Techniques for catching lowland lake rainbow trout are fairly constant, according to WDFW research.
Planted trout tend to stay in the top 3 to 5 feet of water for the first weeks after stocking, which unfortunately also makes them easy prey for cormorants, terns and other predators, which can take a significant bite out of a lake's planted trout population.
"Where avian predation is prevalent, your best chance for success may come in the first couple of weeks after trout are stocked. Angler activity tends to disrupt the feeding birds and can save the fish for a longer period of good fishing," according to Jon Anderson, WDFW's former resident trout manager.
In most lakes the trout won't head for the depths until water temperatures climb significantly in late May.
For April and most of May, the most productive techniques involve trolling just under the surface with small lures like Dick Nites, Needlefish, Triple Teazers, Rooster Tail-style spinners and F-5 Flatfish.
Wet flies, especially dark patterns like black or purple leeches, Woolly Worms, Woolly Buggers, Carey Specials, Pheasant Tail, and spinner-and-bait trolling combinations like Wedding Ring spinners with maggots or garden worms also work exceptionally well early in the season. Some anglers still swear by cowbell-and-worm flasher combinations, but these usually produce better in late May and early June when trout are running 12 to 25 feet deep.
Opening weekend fishermen on shore score best by using bobbers and floats to suspend and drift live or paste baits in the subsurface feeding zone over deep water, or by rigging sliding sinkers with marshmallows to float traditional trout baits up off the bottom in shallow areas.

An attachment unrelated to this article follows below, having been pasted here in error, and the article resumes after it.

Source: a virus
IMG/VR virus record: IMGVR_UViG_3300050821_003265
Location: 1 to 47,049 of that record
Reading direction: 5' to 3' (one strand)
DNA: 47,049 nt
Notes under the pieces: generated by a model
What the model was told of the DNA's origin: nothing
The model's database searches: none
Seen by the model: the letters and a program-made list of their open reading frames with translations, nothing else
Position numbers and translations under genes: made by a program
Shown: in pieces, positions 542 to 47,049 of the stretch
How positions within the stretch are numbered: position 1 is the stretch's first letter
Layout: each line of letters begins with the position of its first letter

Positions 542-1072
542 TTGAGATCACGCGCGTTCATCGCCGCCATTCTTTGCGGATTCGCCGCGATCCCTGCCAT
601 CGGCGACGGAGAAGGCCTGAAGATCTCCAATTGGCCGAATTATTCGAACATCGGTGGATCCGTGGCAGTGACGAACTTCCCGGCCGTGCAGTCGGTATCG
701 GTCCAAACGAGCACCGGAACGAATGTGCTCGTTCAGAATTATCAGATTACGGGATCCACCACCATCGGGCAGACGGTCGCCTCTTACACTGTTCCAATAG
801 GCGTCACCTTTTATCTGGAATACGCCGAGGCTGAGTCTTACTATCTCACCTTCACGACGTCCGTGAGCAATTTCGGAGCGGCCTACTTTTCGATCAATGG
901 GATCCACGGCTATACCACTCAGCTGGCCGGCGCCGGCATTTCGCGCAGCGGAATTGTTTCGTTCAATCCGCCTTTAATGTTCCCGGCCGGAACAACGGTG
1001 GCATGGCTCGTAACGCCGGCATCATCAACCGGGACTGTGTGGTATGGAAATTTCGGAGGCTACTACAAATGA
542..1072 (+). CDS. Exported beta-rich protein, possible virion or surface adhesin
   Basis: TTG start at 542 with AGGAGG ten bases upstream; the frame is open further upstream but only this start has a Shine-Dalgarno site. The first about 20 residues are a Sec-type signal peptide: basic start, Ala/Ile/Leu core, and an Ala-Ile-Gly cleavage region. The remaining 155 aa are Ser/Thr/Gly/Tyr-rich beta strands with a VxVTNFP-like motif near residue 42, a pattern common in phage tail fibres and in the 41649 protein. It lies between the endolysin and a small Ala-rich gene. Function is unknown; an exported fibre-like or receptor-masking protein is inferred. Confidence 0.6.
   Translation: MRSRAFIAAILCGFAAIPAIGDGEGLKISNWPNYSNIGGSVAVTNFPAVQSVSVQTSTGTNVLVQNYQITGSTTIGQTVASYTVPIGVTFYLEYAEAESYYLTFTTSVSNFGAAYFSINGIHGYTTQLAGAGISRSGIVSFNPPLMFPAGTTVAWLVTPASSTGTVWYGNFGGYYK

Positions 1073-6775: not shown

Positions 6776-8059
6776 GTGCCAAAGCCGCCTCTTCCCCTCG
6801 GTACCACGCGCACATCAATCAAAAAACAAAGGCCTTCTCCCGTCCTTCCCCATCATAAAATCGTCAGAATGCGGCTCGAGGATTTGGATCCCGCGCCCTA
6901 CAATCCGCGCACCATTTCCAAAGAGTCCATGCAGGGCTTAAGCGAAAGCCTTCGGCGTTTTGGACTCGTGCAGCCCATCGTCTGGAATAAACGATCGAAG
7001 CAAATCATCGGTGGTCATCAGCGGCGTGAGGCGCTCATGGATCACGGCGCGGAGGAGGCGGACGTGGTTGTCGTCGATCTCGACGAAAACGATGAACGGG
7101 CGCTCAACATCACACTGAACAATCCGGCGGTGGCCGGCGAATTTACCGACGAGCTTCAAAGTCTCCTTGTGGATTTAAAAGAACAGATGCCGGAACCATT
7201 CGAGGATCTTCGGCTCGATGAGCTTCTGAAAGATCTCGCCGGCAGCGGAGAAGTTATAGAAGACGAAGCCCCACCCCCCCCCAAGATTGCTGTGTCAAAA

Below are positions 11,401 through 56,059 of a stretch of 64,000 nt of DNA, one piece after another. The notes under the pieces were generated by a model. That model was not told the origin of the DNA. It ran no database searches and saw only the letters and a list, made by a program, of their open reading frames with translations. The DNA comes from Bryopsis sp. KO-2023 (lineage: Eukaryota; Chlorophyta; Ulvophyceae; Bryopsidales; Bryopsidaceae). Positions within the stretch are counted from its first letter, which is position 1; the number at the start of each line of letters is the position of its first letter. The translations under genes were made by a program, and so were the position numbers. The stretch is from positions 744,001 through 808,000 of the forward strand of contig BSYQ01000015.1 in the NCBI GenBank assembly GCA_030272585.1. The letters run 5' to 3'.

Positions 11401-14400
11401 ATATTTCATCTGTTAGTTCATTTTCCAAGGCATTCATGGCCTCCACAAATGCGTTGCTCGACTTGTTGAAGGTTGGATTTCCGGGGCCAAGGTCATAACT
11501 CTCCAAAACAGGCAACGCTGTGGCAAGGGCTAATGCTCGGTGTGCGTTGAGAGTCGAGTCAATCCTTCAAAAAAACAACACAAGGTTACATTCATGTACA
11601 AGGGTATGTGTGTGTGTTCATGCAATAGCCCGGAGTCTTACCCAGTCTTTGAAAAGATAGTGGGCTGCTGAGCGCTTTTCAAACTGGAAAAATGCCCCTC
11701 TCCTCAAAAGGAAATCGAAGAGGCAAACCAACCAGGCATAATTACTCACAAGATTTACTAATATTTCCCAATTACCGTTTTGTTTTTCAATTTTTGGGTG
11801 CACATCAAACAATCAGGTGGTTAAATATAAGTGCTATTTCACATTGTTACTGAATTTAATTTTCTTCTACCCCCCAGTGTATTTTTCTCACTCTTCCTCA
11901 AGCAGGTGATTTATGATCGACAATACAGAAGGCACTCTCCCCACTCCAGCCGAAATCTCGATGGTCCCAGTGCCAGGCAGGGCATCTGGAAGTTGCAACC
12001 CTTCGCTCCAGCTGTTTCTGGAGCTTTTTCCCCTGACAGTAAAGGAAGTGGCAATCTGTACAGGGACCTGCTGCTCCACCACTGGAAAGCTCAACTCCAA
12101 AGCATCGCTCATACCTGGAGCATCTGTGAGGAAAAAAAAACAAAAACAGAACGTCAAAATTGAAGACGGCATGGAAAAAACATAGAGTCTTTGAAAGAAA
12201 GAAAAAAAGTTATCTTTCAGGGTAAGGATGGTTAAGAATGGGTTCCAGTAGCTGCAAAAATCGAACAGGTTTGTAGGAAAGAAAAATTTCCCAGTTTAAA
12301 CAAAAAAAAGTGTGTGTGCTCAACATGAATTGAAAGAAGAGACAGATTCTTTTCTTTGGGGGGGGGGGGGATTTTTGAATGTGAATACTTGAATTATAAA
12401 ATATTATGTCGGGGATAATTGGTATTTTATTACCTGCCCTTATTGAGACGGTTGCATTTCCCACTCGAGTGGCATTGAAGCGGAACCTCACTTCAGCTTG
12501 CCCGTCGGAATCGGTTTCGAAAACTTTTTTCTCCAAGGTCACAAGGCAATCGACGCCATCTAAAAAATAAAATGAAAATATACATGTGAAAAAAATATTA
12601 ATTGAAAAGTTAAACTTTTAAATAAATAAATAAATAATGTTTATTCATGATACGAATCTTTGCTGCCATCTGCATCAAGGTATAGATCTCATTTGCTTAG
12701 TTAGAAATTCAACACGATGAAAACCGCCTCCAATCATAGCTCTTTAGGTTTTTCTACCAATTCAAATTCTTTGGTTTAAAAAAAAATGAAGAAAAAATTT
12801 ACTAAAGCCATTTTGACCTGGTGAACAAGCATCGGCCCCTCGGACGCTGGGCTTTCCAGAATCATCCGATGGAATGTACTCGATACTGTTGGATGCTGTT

Top baits during those first opening weekends always include single red or orange salmon eggs, Powerbait (in regional flavors), flavored paste baits and worms.
After a few weeks, the trout cue in on natural food items and move to where the food supply is, which tends to be near bottom and off creek mouths. That's the time to be fishing on or just off the bottom, using floating paste-type baits or other buoyant baits. Also, natural baits such as worms, fish eggs, or flies and lures that imitate natural trout food work well.
Large triploids tend to be big-time predators that are just as willing to smash a trolled plug, such as a Rapala, as inhale a gob of eggs. A proven system at Rufus Woods is to dangle a ping pong ball-size cluster of salmon eggs a few feet below a bobber and free drift the tantalizing offering when the record-smashers are running shallow. The technique works in any lake with large rainbows. A two-pound 'bow has no problem inhaling a ball-size bait.
No matter what lure or bait is used, the best advice you can get when targeting Washington's Triple Trophy dessert is to hang on to your rod.
Not everybody gets as lucky as young Mark when a wall-hanger rainbow smacks down and rockets away. But a lot of anglers are scoring on one of Washington's triple trophies and for some this year will produce the fish of a lifetime.